1. "What's the next action" religion
Make sure your todo-list are doable. Be more specific, specially for items that you see being copied over and over again into next day's list. Use concrete visible evident verbs to define the next step.

2. Decide more
Deciding is risky. You'll naturally avoid risk, unless you make a conscious effort. Decide more often. Be brave, and choose the right time for making decisions: typically in the beginning of the day, or whenever you can clear some mental space. Use mindsweep often for that. You don't need the time you think you do. You need available brain and some guts.

3. Detect and solve execution blockings
Getting blocked is a natural safety procedure of your mind. Very well intended. Make an effort to understand it so you can go around it. Most common solutions are: a) define better the exact first step, b) be sure this is the task you want to do, c) try to eliminate uncertainty within the execution and learn to be ok with uncontrolled surprises, d) be confident you are going to both succeed and also be able to cope with whatever is the consequence of what you are starting.

4. Apply action-oriented to all communication
Working productively is many times about creating forward motion. Control the intuitive tendency to go into emotion/social content in conversations and meetings, guiding communication towards defining actions. Don't forget, though, that all relations need emotional/social content. Use the "Questions for Action" list.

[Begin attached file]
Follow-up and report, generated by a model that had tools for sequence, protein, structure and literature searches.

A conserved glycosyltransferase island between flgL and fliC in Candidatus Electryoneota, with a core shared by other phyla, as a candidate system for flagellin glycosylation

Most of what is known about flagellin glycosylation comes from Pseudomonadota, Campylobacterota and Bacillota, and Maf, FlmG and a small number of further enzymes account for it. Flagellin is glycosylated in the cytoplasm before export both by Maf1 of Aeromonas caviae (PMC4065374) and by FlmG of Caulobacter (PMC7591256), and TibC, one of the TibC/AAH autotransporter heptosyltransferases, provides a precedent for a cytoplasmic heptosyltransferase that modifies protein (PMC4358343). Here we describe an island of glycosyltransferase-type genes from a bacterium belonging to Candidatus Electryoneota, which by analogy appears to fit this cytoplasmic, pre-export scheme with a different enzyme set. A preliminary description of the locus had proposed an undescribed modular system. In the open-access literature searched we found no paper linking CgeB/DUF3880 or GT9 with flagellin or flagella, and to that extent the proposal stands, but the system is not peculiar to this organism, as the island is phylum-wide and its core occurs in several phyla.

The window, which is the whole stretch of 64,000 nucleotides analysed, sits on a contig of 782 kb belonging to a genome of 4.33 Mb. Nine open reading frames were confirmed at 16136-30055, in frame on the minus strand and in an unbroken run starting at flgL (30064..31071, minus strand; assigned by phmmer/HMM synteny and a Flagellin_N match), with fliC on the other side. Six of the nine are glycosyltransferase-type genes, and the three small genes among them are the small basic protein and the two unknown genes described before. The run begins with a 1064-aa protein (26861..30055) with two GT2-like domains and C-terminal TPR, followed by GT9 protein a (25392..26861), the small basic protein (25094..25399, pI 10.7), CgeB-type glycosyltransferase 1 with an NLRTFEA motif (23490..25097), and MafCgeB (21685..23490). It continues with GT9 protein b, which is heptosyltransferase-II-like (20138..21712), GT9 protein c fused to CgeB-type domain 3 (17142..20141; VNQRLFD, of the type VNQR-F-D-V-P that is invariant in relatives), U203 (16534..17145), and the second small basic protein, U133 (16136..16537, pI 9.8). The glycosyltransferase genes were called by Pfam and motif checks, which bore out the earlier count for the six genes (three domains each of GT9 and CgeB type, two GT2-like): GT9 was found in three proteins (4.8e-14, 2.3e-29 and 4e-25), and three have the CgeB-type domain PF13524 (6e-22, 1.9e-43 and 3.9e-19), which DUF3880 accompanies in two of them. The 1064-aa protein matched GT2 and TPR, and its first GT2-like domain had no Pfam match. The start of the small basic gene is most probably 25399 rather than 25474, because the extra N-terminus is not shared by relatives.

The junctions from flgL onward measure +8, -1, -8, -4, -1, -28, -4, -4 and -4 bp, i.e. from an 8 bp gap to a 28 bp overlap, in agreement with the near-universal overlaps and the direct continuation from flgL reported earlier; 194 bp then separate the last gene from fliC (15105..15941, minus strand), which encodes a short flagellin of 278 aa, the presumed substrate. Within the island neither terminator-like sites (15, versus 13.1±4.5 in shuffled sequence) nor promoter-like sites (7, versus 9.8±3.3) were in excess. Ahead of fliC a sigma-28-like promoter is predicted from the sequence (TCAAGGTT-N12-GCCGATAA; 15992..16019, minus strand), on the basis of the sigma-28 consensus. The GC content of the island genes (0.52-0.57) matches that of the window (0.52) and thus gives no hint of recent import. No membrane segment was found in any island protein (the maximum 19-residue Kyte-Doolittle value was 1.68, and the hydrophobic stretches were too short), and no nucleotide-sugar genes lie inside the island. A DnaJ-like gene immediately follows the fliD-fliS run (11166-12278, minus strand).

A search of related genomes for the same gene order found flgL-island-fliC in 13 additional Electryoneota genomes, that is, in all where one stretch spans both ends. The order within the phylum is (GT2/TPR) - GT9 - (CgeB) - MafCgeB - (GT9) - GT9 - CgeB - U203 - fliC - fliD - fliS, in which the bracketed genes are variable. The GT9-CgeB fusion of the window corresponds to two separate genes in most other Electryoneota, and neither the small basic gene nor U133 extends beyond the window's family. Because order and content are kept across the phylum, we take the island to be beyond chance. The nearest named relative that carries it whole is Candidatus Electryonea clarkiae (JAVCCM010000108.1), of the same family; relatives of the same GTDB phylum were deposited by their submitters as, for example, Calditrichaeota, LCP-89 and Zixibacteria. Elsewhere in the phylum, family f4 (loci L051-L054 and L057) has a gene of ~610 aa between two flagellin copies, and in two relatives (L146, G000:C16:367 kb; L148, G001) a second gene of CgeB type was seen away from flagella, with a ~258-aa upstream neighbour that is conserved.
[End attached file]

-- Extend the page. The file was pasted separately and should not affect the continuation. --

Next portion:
5. Keep status report dichotomic
Action-oriented enhances control. The more evident a step, the easier to tag it "done" or "not done". Anything in the middle will lower the level of control over activity. Project management and general team status report can improve greatly following this binary principle. Beware, though, that developing decision competence is an important part of a leader's mission, so choose the level of specification you need, but don't waste precious resources turning people into robots.


I hope you've enjoyed this second chapter - ACTION-ORIENTED. I would love to hear your comments on this...

- Did you review yourself in some examples? Which?
- What was your favourite TRICK from this chapter?
- What obstacles make some TRICKs difficult or even impossible in your special case?
- What other TRICKs do you recommend concerning ACTION-ORIENTED?

Thanks for the feedback!...

Next chapter is: Chapter III - GOALS AND DIRECTION.
I'll begin with an article addressing how our brain projects desired scenarios and creates motion towards them.

Until then, try a TRICK!...

Gonçalo Gil Mata


|T| Questions for actions...>>

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1 comment
Carmen Cunha T Pereira
the sweetness of life (with others) is to be able to balance the social/emotionl content of communication with the action-oriented content. Very precious tricks!
in 2012-09-26 14:43:58